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Trebuchet Report

A report I completed back in 1998 has drawn lots of traffic to the website. You’ll find the report reposted below including a working model video! This report is strictly Copyright (c) 1998 Justin Hall. All rights reserved. Students – don’t attempt to copy.

Justin Hall | Dynamics, Spring | 4 May 1998

What used to be a weapon of war is now a weapon of mathematics. In past centuries, nations feared its massive size and destructive power. It was the deadly weapon in medieval times. Today, only its dynamics are feared by gawking engineers, physicists and mathematicians. Our knowledge of materials and structural support, along with basic physics principles have been advanced by this machine. It is the trebuchet. This report attempts to cover the trebuchet’s history, our fascination with the machine, and how technology is helping to model it.

Since the dawn of time man has attempted to build objects that can fire heavier, more deadly objects further distances. The goal is simple — to conquer the enemy. Mediterranean designs centered around catapults and trebuchets. To many, trebuchets are catapults. However, that is not nearly true.

A trebuchet, pronounced tray-boo-shay is a counterweight machine with a rotating mass. On one end lies a large mass and on the other a long sling. The catapult makes use of tension from twisting ropes or leather straps to propel the arm forward. The arm is propelled against a stop where the projectile is released. Catapults were “wild, finicky, and slow siege engines,” says Matthew King, a true trebuchet hobbyist (King). After each firing the machine needed repositioning. Catapults buckled and shattered when propelling objects much smaller than that which the trebuchet was capable of hurling. Trebuchets were more efficient and more stable. Using counterweights, a complete transfer of energy to the projectile was possible. They flung further and hurled harder.

Neither the trebuchet nor the catapult lives up to today’s military standards, however they can be analogously defined. The trebuchet would be likened to biological, nuclear and chemical warfare. The catapult would be defined as machine guns and tanks. It is fair to say that the trebuchet would win every battle when opposed to the catapult.

Figure 1.1: A graphical comparison between the three most basic trebuchet forms.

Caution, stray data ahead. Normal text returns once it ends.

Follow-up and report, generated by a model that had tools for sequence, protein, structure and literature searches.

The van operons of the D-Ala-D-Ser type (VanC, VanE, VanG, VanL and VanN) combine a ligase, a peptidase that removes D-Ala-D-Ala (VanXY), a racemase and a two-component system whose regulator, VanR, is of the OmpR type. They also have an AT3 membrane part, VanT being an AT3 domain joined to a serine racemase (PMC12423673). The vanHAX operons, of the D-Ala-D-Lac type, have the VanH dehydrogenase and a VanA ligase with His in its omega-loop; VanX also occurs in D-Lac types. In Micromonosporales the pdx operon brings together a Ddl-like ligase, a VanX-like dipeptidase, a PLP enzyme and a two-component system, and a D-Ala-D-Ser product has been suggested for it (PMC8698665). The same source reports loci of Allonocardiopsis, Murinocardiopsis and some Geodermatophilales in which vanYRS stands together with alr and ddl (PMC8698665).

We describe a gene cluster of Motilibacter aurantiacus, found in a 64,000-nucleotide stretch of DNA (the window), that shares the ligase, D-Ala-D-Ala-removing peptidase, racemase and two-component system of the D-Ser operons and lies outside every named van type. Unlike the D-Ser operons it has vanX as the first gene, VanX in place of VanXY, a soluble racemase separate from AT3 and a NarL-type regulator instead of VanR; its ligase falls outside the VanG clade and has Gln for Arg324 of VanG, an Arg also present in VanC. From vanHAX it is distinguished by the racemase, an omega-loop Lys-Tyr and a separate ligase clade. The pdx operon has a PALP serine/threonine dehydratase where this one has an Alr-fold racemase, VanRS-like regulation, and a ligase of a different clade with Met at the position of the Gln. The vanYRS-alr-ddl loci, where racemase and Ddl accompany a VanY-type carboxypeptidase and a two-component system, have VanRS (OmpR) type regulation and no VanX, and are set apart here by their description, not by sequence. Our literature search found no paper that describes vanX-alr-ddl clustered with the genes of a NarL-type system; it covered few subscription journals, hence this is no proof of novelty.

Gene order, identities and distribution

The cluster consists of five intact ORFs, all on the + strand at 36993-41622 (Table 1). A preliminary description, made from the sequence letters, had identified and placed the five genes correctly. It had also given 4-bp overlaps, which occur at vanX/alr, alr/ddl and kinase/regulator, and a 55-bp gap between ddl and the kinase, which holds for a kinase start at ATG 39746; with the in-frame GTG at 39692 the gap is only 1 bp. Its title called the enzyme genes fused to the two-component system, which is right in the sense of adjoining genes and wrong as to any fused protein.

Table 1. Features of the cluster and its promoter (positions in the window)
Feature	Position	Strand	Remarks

Before gunpowder (850AD to 1350AD) the trebuchet was the “siege weapon.” Efficiency was its key to success. From the early traction machine — where as many as 250 men pulled down on the short side of the arm then released it — to the advanced counterweighted machines, the trebuchets evolution was quick. First generation machines held fixed counterweights (boxes of rocks the sizes of peasant’s homes) and fixed projectiles. One-hundred yards was the average distance for a projectile to land. Then advancements allowed for rotating counterweights about the end, and projectiles in slings as long as the arm. With the later configuration 500-600 pound projectiles could be hurled 200 plus yards with accuracy! Here the mechanical advantage varied for the arm throughout the launch. More energy was transferred to the projectile. Further evolution saw props being placed on the counterweight — once again increasing the distance (King).

But the trebuchet added to more than just the militaries offense. Trebuchets advanced the concepts of pendulums and equations of motion. Leonardo Da Vinci used the trebuchet to tell time! However, the most ingenuous use came from scientist Jordanus of Nemore. From Jordanus came the concept of vectors. He gave direction and magnitude to a thing called a “force vector.” The development of work: “a vector proportional to the mass and vertical descent of an object” was also provided by Jordanus through his study of trebuchets (Valens pg. 38).

What has impressed me is the number of trebuchet enthusiasts that exist! It seems as if there are almost as many trebuchet fans as there are “Trekies.” And each with a unique approach to the military machine. Some like their device compact and small — able to throw only golf balls, cheese, skulls, and pumpkins. Others prefer the huge, 100 foot armed beasts capable of propelling grand pianos, commodes, and cars. The drive is to propel further and build more efficiently.